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Royal Mausoleum of Ming and Qing Dynasties

In 2000 November, Royal Mausoleum of Ming and Qing dynasty was honored as "World Cultural Heritage" by the UN Organization of Science, Education and Culture. Locating in Northern China, the Royal Mausoleum of Ming and Qing dynasties is the biggest and most complete among the mausoleums that still exist today in China for emperors and empresses built in ancient time.

The Ming Tombs were built in a small basin on the foot of Tianshou Mountain in Changping District, the northwest area of Beijing , 44 km away from the downtown. The mausoleum consists of 13 tombs of the Ming Dynasty (1368-1644), generally known as "Ming Thirteen Tombs". Here is where 13 emperors and 23 empress of the Ming Dynasty were buried, together with many imperial concubines, princes, princesses, and many maids.

The Dongling Tomb and The Xiling Tomb make up the royal mausoleum of the Qing Dynasty (1644-1911).

The Ming Tombs

The approach to the Ming Tombs is a shaded 7-kilometer-long road known as the Sacred Way. Its beginning is marked with a marble archway standing 27 meters long and 15 meters high. The marble archway is similar to the triumphal arches of Europe (Paris, Rome, Berlin, etc.). This archway, the biggest and best preserved of the kind in the country, was erected in 1540, at a time when Chinese architecture had reached its climax.

This road is lined with gigantic stone statues called Shixiangsheng, including 24 of lions, camels, elephants, horses, and mythical animals and 12 of generals, civil mandarins, and courtiers.

The route of the leading part of the whole is arranged in light of the geographical situation, basically bearing southwest-northeast with as light turn. Taking the main peak of Tianshou Mountain on the right eastern side of the Changling Tomb as the background, the route deviates slightly to the horseshoe-shaped eastern side. This is because the mountain ridges on the eastern side are relatively low, so the deviation helps gain the feeling through the perspective effect that the east and west are approximately balanced. It is a successful artistic treatment of the environment, which should be the decision made by the planner after making an on-the-spot survey.

Changling Tomb

The winding Tianshou Mountain ridges linked to each other create a horseshoe shape opening to the south. At the northernmost center of the horseshoe, the Changling Tomb is built at the foot of the mountain. It is the largest among the 13 tombs.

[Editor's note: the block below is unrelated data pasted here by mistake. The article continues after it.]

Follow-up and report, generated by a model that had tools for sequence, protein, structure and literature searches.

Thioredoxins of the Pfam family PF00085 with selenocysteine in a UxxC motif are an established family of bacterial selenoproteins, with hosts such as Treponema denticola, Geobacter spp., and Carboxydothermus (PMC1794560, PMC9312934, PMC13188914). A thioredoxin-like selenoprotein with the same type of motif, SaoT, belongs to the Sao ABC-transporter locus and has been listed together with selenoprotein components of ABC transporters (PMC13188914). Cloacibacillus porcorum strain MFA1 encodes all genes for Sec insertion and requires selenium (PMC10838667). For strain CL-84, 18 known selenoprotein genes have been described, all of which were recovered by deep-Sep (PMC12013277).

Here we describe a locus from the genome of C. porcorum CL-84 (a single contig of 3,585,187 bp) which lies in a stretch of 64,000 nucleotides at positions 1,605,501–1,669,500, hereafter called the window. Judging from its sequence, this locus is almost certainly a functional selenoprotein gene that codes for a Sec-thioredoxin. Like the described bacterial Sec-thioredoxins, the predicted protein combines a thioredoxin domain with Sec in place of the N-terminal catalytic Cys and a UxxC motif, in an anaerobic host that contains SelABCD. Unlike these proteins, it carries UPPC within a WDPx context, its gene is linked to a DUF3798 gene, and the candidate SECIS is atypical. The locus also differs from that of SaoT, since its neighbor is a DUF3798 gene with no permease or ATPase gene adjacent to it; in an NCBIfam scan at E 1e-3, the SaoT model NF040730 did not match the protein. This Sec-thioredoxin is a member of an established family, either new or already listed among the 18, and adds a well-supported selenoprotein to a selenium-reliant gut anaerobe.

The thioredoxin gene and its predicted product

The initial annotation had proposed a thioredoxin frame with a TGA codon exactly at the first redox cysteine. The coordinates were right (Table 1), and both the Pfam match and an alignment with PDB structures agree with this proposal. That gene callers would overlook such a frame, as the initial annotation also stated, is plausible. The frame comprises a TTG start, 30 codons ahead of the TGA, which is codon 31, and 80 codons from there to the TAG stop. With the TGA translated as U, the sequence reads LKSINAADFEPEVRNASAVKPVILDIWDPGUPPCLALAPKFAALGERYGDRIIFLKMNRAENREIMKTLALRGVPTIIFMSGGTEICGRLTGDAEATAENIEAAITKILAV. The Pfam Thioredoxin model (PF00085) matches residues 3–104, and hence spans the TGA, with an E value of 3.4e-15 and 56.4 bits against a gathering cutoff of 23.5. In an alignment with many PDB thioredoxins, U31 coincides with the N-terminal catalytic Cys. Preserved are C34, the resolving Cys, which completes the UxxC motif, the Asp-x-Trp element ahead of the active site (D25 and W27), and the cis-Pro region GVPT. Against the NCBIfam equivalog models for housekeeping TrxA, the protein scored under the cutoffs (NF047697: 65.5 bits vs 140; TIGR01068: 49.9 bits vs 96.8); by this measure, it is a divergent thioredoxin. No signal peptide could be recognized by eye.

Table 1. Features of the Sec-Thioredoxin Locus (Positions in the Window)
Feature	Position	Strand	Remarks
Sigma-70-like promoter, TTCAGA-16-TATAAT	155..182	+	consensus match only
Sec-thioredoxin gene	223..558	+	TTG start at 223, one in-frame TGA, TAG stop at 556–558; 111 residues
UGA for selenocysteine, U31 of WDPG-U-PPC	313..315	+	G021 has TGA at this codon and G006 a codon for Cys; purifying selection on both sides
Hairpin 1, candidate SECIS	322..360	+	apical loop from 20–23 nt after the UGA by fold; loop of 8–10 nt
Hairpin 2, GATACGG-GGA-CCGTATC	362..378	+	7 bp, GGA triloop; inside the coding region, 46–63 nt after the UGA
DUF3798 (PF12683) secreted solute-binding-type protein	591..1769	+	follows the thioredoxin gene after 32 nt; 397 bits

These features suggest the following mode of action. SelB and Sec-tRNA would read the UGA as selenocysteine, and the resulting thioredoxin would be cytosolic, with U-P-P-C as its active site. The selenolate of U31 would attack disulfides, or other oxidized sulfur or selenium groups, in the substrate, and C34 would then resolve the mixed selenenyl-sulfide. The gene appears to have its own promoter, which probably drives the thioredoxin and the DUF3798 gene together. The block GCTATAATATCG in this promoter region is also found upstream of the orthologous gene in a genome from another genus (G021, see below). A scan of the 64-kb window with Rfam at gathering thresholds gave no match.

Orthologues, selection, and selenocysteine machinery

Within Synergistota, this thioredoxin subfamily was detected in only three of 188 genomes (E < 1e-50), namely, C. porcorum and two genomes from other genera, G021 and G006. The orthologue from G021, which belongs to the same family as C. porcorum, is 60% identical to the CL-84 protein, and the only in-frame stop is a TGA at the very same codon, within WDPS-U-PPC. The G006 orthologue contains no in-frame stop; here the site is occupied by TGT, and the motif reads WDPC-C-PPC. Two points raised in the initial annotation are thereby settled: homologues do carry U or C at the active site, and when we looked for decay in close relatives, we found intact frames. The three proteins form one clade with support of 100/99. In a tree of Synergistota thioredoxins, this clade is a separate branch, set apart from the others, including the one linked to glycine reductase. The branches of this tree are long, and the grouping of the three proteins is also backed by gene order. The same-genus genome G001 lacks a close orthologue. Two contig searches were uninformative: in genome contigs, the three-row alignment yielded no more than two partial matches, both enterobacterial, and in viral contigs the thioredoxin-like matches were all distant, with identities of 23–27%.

At the opening of the horseshoe, 6 km south of Changling Tomb, there are two east and west small isolated hills opposite to each other. The Dahong Men, built between them, is taken as the starting-point of the entire mausoleum area. This method of using natural terrain reminds people of the fine tradition that ancient Chinese cities and other large structures paid close attention to integration with the macro-environment. Apart from the Changling Tomb, another 12 tombs are scattered along the two sides of the horseshoe facing the path leading to public tombs.

The three courtyards in the front and at the back of the Changling Tomb are of the same width, and are encircled by high walls. Inside the tomb gate, the first courtyard is very shallow, the second square, vertical and long. The entrance is the Ling'en Gate. On the first line of the middle pillar, three doors are open on the single-layer stone platform encircled by white stone balustrades very much like Taihemen Gate in the Forbidden City. The Ling'en Hall, the key structure in the second courtyard, is at the rear. Its shape and structure are the same as the Taihe Hall of the Forbidden City, with an area of 1,956 square meters. Under the hall, there are three layers of stone platforms encircled by stone balustrades. The 32 large pillars inside the hall are all made with super-quality gold filigreed Nanmu timber. The largest four pillars are each 1.17 meters in diameter and 12 meters high.

Dingling Tomb

The Dingling Tomb is the representative royal tomb of the Ming Tombs and also the only one whose underground palace was unearthed. It is the tomb of the 13th Emperor Shenzong (Zhuyijun) of the Ming Dynasty and his two Queens, Xiaoduan and Xiaojing.